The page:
Wall Street Strategies
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Morning Commentary


By Charles Payne, CEO & Principal Analyst
8/27/2019 9:36 AM

Yesterday, calmness returned to the market, but it happened on a late August day on Wall Street, which means light volume and skewed outcomes.  

Big news from the G-7 meeting came from a one-page communique that acknowledged the World Trade Organization (WTO) is antiquated and needs to be “modernized.”  I take that as a de facto admission China has flouted the rules and the rest of the G-7 supports the United States.

This is better than trying to rally the troops: getting Europe to ignore the riches of China’s Belt and Road Initiative (BRI), which would be harder to come by if they took a more forceful stance.

So, the market rallied with all 30 stocks in the Dow closing higher, and all sectors other than Materials finished higher.

S&P 500 Index



Communication Services (XLC)



Consumer Discretionary (XLY)



Consumer Staples (XLP)



Energy (XLE)



Financials (XLF)



Health Care (XLV)



Industrials (XLI)



Materials (XLB)



Real Estate (XLRE)



Technology (XLK)



Utilities (XLU)



The market breadth was fine - new lows dwarfed new highs, underscoring the lingering carnage.

Market Breadth



More on Durable Goods

Karina Hernandez: Research Analyst, Wall Street Strategies

With talks of a recession along the way, I crunched the numbers of the latest second quarter (Q2) Gross Domestic Product (GDP) report, understanding their numbers to a broader scale. Personal consumption expenditures remain strong at 4.3%. Private investment tumbled 5.5% due to challenges in global growth and tariffs.

I saw a trend in private investment from 2015-2016, where private investment fell into a "recession," possibly due to oil prices. However, the overall economy did not contract due to strong consumers. My thesis is that from what's yet to come will heavily depend on consumers.

See my in-depth segment, where I shared my letter to the Business Roundtable:


The United States of America-China Chamber of Commerce (USCCC) branch shows cracks in the notion American businesses can’t or won’t move supply chains. Moreover, only 30% say they are in China to make stuff to export to the United States. That’s great news and should be articulated, as the public demands more accountability.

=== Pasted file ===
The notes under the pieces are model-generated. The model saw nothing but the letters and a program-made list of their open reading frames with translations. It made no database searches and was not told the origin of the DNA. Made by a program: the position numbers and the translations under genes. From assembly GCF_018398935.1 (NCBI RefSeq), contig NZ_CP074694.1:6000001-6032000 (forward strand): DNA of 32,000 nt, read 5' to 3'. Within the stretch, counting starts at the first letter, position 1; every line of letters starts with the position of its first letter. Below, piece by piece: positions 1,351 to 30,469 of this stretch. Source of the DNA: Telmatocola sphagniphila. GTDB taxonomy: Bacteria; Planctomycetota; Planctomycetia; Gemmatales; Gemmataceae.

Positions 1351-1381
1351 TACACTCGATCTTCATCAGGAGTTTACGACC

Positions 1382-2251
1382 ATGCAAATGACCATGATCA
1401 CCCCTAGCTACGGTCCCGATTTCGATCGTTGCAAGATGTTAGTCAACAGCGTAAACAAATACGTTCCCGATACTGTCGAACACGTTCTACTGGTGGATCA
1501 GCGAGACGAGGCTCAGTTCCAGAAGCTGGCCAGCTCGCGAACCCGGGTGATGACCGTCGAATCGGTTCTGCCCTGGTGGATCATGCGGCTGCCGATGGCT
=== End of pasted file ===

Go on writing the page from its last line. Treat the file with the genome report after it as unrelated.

If you have relocated or are considering relocating China-based manufacturing facilities to other

countries because of the tariffs, where have you located, or where are you relocating to (check all that apply)?




No plans to relocate



Southeast Asia






Indian Subcontinent



United States



What specific outcome of any trade deal is the most important to your company?




Return to status quo



Equal enforcement of Chinese regulations for foreigners



Increased market access



Improve IPR protection



End Chinese industrial policies



Purchase more U.S. goods by China



What is your primary strategy in China?




Produce goods or services for China market



Produce goods or services for U.S. market



Produce goods or services for markets other than China and the U.S.



Today’s Session

What the Heck?

During the last several weeks the market has seen brutal volatility that has left many investors shaken, although the market’s resolve seems to underscore most are hanging in there. 

This morning equity futures have improbably been trending higher.  The two biggest down sessions over the last four weeks were triggered by events that were supposed to spell doom. 



Dow Jones

August 5, 2019

Yuan moves below 7 to one dollar

-768 points

August 14, 2019

Two and ten yields invert

-800 points

This morning the market seems to be yawning instead of panicking which leads me to ask what the heck is going on. 

The two- and ten-year yield have been inverted all morning.

The Yuan continues to get weaker against the US Dollar.

If the market can rally against the tide of events that just hit like atomic bombs, then you know there is a serious pent up demand to own US stocks.

Charles, what are your expert thoughts on Takada article on Marketwatch predicting Lehman like crash?

Thanks in advance

Dave Shaw on 8/27/2019 9:56:44 AM
Dave anything "could" happen but I think this article is very irresponsible. But these people keep taking shots and maybe one day they will be right after all economies and markets are cyclical. But underlying circumstances are so much different now than the lehman crash. In fact one could argue banks have been too cautious and forced to hold too much money which should be lent. There is a serious effort to talk the economy into recession and maybe get the computers to help with a crash - perhaps enough negative headlines gets the job done. But I won't invest on these kind of pieces and I hope individual investors don't miss opportunities or make mistakes from headlines and all the doom and gloom articles. CP

Charles Payne on 8/27/2019 12:02:17 PM
I find it incredulous and very myopic that 42.7% of respondents would say Return to status quo is top outcome and 14.6% said that Equal enforcement of Chinese regulations for foreigners was a top outcome. In other words my little piece of the world is more important than the macro environment for the future of fair and equitable global trade and economies.

garro on 8/27/2019 10:11:50 AM
Garro----I agree !

john on 8/27/2019 11:17:03 AM
"Antiquated and needs to be modernized" sounds like pour more money down the rat hole.

Robert Clanton on 8/27/2019 11:24:58 AM

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